The Vatican has opened two burial chambers in an attempt to solve the case of an Italian teenager who vanished 36 years ago. In a twist, experts are also looking for the remains of two 19th century German princesses.
Forensic experts have begun examining bones from a Vatican cemetery as part of an investigation into the disappearance of a 15-year-old schoolgirl more than three decades ago.
Emanuela Orlandi, the daughter of a Holy See clerk, was last seen in 1983 after leaving her family's Vatican City apartment to go to a music lesson in Rome. Theories abound about what may have happened to her.
Earlier this year, the Orlandi family received an anonymous tip that Emanuela's body might be hidden near the 19th century tombs of two German princesses in the Vatican's Teutonic College cemetery.
An exhumation of the graves yielded no results. Instead, it led to more questions. Both tombs were empty, with no trace of Orlandi, or the remains of the princesses who were supposedly laid to rest there.
Who do the bones belong to?
Church officials said the remains of Princess Sophie von Hohenlohe and Princess Carlotta Federica of Mecklenburg, who died in 1836 and 1840 respectively, may have been moved during structural work in the cemetery.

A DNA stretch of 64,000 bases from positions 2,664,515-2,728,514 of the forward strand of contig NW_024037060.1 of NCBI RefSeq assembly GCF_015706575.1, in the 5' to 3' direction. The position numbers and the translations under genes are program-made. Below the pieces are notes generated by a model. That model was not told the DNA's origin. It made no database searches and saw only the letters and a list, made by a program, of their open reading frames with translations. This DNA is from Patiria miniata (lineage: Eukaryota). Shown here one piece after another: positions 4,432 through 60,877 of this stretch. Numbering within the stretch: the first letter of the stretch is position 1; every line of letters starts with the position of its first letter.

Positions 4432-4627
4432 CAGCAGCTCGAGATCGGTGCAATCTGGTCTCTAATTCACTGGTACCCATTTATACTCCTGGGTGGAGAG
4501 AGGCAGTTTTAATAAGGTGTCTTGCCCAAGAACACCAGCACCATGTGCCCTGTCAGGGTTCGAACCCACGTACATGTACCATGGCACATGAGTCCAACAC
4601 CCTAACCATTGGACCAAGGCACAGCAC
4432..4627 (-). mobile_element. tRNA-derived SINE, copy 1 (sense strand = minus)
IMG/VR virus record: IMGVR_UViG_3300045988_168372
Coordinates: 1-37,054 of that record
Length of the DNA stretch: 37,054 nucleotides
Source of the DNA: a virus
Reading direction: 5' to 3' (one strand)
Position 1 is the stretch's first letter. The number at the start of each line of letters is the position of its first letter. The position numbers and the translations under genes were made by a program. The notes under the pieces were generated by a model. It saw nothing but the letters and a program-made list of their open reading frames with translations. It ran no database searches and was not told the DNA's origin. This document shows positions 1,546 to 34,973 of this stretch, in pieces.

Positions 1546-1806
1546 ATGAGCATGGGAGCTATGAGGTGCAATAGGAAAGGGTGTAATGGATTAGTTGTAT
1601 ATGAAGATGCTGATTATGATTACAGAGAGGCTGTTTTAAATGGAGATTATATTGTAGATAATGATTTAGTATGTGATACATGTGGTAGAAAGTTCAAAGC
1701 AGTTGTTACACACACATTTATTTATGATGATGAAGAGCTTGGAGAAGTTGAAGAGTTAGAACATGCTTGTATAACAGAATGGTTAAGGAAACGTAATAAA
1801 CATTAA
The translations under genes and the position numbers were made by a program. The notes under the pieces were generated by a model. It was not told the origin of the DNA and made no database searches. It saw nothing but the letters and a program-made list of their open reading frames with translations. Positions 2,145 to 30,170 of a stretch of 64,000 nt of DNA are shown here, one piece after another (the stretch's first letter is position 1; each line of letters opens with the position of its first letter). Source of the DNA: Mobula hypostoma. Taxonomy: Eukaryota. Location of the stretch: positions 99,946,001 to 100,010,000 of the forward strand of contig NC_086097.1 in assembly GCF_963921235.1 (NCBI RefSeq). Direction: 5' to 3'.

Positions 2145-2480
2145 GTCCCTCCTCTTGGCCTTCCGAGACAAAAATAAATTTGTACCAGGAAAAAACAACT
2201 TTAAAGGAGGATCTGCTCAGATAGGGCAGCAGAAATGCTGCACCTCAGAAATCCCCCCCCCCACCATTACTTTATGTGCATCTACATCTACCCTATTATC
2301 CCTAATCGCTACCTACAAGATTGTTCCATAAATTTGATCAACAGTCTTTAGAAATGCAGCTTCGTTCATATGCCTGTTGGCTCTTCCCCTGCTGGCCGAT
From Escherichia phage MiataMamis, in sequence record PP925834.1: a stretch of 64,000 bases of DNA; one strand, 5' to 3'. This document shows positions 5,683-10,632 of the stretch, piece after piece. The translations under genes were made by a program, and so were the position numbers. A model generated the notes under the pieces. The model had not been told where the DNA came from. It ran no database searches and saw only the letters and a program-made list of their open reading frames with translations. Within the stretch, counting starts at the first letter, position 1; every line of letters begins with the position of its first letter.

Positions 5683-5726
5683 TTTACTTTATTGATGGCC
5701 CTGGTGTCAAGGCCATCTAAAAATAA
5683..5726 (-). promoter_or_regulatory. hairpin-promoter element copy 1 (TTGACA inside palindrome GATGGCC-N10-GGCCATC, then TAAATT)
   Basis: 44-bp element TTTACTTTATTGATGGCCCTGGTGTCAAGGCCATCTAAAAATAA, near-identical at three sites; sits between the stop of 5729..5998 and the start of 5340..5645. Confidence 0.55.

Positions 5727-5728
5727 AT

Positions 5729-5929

The Vatican announced last week that it had since located two sets of bones in burial chambers in the adjoining Pontifical Teutonic College. Those bones were extracted on Saturday and will now undergo DNA testing to try to establish who they belong to.
In a statement, the Vatican said it was "not possible, for the moment, to predict how long it will take for the morphological analysis of the remains to be completed."
Emanuela's brother, Pietro Orlandi, 60, whose 88-year-old mother still lives within the Vatican walls, told Agence France-Presse he hoped his sister was still alive.
"I will have to carry on. Until I find Emanuela, it is my duty to seek out the truth," he said.
There are several theories about what may have happened to the missing teenager. Some believe she was abducted and offered in exchange for the freedom of Mehmet Ali Agca, a Turk jailed for attempting to assassinate Pope John Paul II in 1981. Others claim she was taken by mobsters to pressure the Vatican to recover a loan.
One conspiracy theory speculated that crime boss Enrico De Pedis was involved in her kidnapping, and that the teen may have been buried alongside him in a Rome basilica. His tomb was opened in 2012 but DNA tests turned up no new clues.
nm/jm (AFP, Reuters)